At an afternoon press briefing following the opening of the High-Level segment of the Climate Change Conference, United Nations Secretary-General Ban Ki-moon stressed the importance of adopting a Bali roadmap for a future climate agreement. “We work for success, we don’t work for failure. We must succeed at this Bali meeting. We must be able to launch negotiations for an international agreement by 2009 with a clear agenda,” he declared.Ban said that science had made it quite clear; all that was lacking was political will. He added, “I would really urge the major economic powers to exercise flexibility and to demonstrate their leadership.”
The Secretary-General acknowledged that the two-year timeline to conclude negotiations was tight, given the scale and complexity of the task at hand. “We really need to expedite our process of negotiation,” he urged, adding that he would “spare no effort” in facilitating this. He said that failure to exercise political leadership and act now would be tantamount to betraying both our planet and our children.On the contentious subject of emission reduction targets, Mr. Ban said that agreement on specific targets need only take place at a later stage in the negotiations. He hoped, however, that delegations would be guided by the clear scientific evidence. “It is amazing that two thousand five hundred members of the IPCC have spoken on unequivoical terms, in one voice, and this should be respected,” he said.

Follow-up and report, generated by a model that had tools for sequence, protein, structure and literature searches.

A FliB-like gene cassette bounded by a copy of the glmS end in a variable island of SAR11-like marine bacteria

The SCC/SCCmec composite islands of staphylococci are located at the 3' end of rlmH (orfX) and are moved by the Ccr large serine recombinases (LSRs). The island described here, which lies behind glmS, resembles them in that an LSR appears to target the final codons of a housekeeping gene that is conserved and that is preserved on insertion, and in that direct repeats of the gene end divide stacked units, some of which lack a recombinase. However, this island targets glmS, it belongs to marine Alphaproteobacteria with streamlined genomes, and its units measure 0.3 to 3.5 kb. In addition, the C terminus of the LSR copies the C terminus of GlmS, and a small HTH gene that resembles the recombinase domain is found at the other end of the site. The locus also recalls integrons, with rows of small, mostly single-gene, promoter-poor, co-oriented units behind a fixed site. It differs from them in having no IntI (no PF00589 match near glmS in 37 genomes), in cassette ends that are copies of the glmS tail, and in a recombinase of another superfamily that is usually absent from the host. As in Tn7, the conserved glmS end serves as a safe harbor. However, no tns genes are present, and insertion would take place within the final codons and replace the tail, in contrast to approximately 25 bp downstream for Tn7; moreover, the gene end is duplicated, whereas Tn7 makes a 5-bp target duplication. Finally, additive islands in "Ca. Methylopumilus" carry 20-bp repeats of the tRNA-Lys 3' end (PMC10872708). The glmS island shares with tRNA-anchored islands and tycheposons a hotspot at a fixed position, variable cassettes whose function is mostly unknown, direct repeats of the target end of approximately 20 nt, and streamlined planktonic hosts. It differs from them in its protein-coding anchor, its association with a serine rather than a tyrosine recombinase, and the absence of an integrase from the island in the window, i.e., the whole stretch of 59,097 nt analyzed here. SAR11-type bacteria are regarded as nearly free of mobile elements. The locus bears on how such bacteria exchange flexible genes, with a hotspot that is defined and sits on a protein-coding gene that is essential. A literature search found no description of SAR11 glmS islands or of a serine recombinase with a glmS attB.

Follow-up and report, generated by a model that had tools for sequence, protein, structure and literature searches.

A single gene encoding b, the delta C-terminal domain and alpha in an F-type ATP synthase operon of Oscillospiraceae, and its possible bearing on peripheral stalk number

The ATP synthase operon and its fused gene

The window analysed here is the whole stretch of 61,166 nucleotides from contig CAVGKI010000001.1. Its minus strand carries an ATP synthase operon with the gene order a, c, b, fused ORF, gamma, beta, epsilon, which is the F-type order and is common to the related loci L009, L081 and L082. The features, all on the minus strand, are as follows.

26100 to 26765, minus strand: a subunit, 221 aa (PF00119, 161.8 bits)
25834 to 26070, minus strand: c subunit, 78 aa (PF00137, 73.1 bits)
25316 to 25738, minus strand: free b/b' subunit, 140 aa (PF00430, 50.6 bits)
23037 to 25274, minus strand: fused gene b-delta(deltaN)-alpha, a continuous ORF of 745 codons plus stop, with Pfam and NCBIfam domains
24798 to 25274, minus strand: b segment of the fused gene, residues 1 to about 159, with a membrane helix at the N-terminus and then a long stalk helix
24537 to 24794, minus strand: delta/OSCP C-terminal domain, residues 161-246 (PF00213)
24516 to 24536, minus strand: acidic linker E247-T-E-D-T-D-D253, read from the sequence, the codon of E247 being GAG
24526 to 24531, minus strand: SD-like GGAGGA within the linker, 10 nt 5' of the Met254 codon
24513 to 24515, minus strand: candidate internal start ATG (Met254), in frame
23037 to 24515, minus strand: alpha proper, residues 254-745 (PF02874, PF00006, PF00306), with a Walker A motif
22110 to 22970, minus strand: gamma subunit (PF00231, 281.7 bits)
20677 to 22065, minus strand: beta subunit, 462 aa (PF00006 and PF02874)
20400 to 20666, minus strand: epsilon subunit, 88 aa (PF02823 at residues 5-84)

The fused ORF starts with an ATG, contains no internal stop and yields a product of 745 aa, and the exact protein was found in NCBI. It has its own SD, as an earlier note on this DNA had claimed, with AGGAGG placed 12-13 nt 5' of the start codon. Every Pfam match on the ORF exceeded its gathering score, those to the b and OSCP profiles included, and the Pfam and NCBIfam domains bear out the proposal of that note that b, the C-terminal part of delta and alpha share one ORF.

Mr. Ban stressed that due to their “historical responsibilities” with regard to climate change, industrialized countries must take the lead in tackling the problem. He said they also had the necessary technological and financial capacity to do so, and that this capacity should be made availabe as an incentive to developing countries.
In reponse to a question about the position of the U.S. regarding the scope of a future climate agreement, Mr. Ban said that he had been in regular contact with U.S. government leaders and had urged them to exercise flexibility as the world’s largest economic power. He said It was encouraging that the U.S. supported the ongoing UNFCCC process.